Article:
The large intestine is an approximately cylindrical tube from 120 to 150 cm. in length and of variable width. It is composed of two main portions: the ccecum, with the vermiform appendix, and the colon. These two portions, exactly alike and not sharply demarcated, are arranged in a large horseshoe loop about the small intestine, the large intestine becoming continuous with the rectum on the left.

The urinary bladder is a sack-like dilatation of the urinary passages which serves as a collecting reservoir, the size and shape of which is dependent upon the degree of distention. Three chief portions may be recognized in it: the middle and larger portion of the bladder is the body; the upper portion, which is distinctly pointed, especially in the newborn, is the vertex; and the lowermost portion, directed toward the perineum, is called the fundus.

The esophagus is a muscular tube about 25 centimeters in length which is immediately continuous with the lower portion of the pharynx above and with the cardiac portion of the stomach below. It consists of three portions of the cervical, the thoracic, and the abdominal. The thoracic portion is by far the longest, while the abdominal is very short.

The urine is secreted by the kidney, whence it passes successively through the renal pelvis, ureter, bladder, and urethra into the outer world.


It is the initial portion of the small intestine and it is different by its major position, its fixity, its connections with the pancreas.
It is located in its greater part in the stage known méso colic.
There is a small segment in the stage under méso colic

The pituitary or Schneiderian membrane, which lines the cavities of the nose, is a highly vascular mucous membrane, inseparably united, like that investing the cavity of the tympanum, with the periosteum and perichondrium, over which it lies. It is continuous with the skin through the nostrils; with the mucous membrane of the pharynx through the posterior apertures of the nasal fossae; with the conjunctiva through the nasal duct and lachrymal canaliculi; and with the lining membrane of the several sinuses which communicate with the nasal fossae.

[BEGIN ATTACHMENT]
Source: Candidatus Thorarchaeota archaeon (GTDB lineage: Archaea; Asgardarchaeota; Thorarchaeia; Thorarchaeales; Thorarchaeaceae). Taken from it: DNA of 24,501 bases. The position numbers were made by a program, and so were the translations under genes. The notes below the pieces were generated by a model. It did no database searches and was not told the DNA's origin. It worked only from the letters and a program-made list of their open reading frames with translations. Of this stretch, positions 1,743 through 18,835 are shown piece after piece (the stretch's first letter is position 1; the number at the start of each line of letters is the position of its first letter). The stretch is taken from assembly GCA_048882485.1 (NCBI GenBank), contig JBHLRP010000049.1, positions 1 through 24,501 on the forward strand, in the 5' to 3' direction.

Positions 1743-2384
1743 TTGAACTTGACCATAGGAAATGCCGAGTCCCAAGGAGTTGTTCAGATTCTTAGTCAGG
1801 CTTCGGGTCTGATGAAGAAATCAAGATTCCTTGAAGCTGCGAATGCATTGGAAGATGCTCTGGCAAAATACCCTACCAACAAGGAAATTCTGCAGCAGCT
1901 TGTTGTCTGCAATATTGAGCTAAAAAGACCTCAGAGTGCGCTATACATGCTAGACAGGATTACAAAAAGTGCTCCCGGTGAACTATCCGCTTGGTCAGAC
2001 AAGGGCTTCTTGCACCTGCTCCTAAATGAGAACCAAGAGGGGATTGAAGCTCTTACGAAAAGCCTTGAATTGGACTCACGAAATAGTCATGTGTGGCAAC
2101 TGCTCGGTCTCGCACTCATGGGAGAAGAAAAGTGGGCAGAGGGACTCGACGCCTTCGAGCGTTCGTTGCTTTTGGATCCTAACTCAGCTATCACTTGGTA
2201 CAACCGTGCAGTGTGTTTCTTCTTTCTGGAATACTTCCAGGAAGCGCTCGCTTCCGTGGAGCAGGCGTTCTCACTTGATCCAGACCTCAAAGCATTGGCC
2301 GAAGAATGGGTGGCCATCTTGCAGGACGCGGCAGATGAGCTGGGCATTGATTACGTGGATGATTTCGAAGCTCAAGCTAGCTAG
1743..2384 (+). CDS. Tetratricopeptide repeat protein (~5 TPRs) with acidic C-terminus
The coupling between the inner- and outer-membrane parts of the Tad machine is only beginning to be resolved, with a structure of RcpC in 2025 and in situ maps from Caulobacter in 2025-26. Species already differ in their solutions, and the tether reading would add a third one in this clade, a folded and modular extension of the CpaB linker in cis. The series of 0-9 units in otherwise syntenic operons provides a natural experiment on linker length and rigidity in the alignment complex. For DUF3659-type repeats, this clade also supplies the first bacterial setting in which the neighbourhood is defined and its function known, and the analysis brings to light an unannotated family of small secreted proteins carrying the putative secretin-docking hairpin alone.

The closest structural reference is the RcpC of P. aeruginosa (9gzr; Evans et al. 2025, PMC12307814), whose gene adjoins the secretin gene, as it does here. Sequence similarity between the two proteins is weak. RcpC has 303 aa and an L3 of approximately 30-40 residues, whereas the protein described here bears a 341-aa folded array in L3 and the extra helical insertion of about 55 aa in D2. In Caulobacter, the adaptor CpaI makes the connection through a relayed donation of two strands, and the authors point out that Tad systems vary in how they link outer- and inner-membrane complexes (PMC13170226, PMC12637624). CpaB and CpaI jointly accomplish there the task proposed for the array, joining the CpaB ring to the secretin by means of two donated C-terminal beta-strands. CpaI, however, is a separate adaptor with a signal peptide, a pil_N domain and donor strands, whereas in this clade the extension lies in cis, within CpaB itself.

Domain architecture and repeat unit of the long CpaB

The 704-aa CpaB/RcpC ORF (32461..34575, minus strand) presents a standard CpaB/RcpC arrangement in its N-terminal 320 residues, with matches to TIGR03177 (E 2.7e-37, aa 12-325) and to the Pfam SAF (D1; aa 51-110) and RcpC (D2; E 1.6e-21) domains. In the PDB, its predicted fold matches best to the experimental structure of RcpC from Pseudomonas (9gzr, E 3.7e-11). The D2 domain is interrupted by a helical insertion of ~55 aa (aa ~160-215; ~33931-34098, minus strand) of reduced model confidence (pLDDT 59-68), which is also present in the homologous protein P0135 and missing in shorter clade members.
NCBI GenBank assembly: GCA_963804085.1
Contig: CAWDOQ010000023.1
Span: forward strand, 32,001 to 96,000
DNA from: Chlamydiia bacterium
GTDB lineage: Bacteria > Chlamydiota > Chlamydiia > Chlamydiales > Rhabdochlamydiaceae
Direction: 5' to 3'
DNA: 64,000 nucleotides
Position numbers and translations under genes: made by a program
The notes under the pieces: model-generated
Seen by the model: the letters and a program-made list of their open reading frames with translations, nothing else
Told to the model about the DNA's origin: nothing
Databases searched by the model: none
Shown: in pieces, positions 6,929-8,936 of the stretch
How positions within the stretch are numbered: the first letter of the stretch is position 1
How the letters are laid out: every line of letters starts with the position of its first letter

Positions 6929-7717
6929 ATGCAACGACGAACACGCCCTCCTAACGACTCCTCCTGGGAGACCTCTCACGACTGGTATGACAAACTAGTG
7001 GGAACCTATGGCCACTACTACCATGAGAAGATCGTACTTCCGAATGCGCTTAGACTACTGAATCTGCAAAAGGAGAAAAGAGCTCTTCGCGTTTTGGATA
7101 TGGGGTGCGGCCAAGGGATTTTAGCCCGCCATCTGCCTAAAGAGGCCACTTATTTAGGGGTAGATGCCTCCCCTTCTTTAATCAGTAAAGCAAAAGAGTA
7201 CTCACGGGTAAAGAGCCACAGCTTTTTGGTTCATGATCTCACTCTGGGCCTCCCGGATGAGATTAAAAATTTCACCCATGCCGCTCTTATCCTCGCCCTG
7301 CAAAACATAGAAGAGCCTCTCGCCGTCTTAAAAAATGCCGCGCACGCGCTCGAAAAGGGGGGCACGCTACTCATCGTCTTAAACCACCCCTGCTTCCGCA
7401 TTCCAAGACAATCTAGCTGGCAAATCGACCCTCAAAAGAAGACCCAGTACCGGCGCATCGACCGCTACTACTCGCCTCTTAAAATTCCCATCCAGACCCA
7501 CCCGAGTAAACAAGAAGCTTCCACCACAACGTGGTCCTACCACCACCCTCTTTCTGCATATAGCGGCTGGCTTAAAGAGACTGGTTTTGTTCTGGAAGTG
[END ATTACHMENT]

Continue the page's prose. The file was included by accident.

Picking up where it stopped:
The stomach is a sac-like dilatation of the digestive tube intervening between the oesophagus and the intestine.




These are the chief support of the outer part of the organ. They occupy the triangular opening seen in front of the nasal cavity in the dried skull, and assist in forming the septum between the nasal fossae. There are usually reckoned two large and three small cartilages on each side, and one central piece or cartilage of the septum.

The ovary is the female genital gland. Like the testis, it is a paired organ, but it is much smaller; its shape is that of a markedly fattened, irregular ellipsoid.




The nasal fossae, and the various openings into them, with the posterior nares, have been previously described as they exist in the skeleton, and the greater part of that description is also applicable generally to the nose in a recent state; but it is proper to mention certain differences in the form and dimension of parts, which depend on the arrangement of the lining membrane, viz.

The uterus is a hollow, muscular, pear-shaped body, situated in the true pelvis. Its larger upper portion is termed the body or corpus uteri, and the smaller lower one the neck or cervix uteri, these two portions being separated by a constriction which is the narrowest part of the organ. The portion of the body which projects markedly above the entrances of the tubes is known as the fundus, and as the uterus is markedly flattened from before backward, an anterior and a posterior surface and two lateral margins may be recognized in it. The anterior surface is known as the vesical surface, the posterior more convex one as the intestinal surface, and the lateral margins as the right and the left. That portion of the cervix which projects into the vagina is termed the vaginal portion, while that situated above the vagina is called the supravaginal portion.


Vision is the special sense of sight that is based on the transduction of light stimuli received through the eyes. The eyes are located within either orbit in the skull. The bony orbits surround the eyeballs, protecting them and anchoring the soft tissues of the eye.

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